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GETENV(3)		   Linux Programmer's Manual		     GETENV(3)

       getenv, secure_getenv - get an environment variable

       #include <stdlib.h>

       char *getenv(const char *name);

       char *secure_getenv(const char *name);

   Feature Test Macro Requirements for glibc (see feature_test_macros(7)):

       secure_getenv(): _GNU_SOURCE

       The  getenv()  function searches the environment list to find the envi-
       ronment variable name, and returns a pointer to the corresponding value

       The  GNU-specific secure_getenv() function is just like getenv() except
       that it returns NULL in cases where  "secure  execution"	 is  required.
       Secure  execution  is  required	if one of the following conditions was
       true when the program run by the calling process was loaded:

       *  the process's effective user ID did not match its real  user	ID  or
	  the  process's  effective  group  ID did not match its real group ID
	  (typically this is the result of executing  a	 set-user-ID  or  set-
	  group-ID program);

       *  the effective capability bit was set on the executable file; or

       *  the process has a nonempty permitted capability set.

       Secure  execution may also be required if triggered by some Linux secu-
       rity modules.

       The secure_getenv() function is intended	 for  use  in  general-purpose
       libraries  to  avoid vulnerabilities that could occur if set-user-ID or
       set-group-ID programs accidentally trusted the environment.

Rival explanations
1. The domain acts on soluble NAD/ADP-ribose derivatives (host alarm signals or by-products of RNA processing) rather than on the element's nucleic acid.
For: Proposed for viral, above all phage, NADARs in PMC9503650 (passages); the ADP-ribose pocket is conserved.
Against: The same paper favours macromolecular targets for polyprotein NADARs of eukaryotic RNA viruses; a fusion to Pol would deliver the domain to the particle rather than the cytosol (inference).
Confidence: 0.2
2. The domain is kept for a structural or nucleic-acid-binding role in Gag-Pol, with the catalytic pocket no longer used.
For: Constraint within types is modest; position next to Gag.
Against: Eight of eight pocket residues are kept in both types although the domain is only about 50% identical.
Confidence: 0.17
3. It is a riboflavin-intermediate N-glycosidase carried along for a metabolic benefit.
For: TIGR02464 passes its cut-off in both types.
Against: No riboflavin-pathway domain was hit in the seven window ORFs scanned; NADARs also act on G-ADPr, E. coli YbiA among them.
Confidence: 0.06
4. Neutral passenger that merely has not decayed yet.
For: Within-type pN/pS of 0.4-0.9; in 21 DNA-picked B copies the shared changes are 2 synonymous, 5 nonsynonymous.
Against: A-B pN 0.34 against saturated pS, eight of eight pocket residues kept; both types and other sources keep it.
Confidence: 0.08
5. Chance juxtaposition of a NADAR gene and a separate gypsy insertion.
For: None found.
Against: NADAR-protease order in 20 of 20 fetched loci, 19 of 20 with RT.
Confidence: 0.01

The getenv() function returns a pointer to the value  in	 the  environ-
       ment, or NULL if there is no match.

       secure_getenv() first appeared in glibc 2.17.

       For   an	  explanation	of   the  terms	 used  in  this	 section,  see

       |Interface		  | Attribute	  | Value	|
       |getenv(), secure_getenv() | Thread safety | MT-Safe env |
       getenv(): POSIX.1-2001, POSIX.1-2008, C89, C99, SVr4, 4.3BSD.

       secure_getenv() is a GNU extension.

       The strings in the environment list are of the form name=value.

       As typically implemented, getenv() returns a pointer to a string within
       the  environment	 list.	 The  caller must take care not to modify this
       string, since that would change the environment of the process.

       The implementation of getenv() is not required to  be  reentrant.   The
       string  pointed	to  by	the return value of getenv() may be statically
       allocated, and can be  modified	by  a  subsequent  call	 to  getenv(),
       putenv(3), setenv(3), or unsetenv(3).

       The  "secure  execution"	 mode  of secure_getenv() is controlled by the
       AT_SECURE flag contained in the auxiliary vector passed from the kernel
       to user space.

       clearenv(3), getauxval(3), putenv(3), setenv(3), unsetenv(3), capabili-
       ties(7), environ(7)

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GNU				  2015-08-08			     GETENV(3)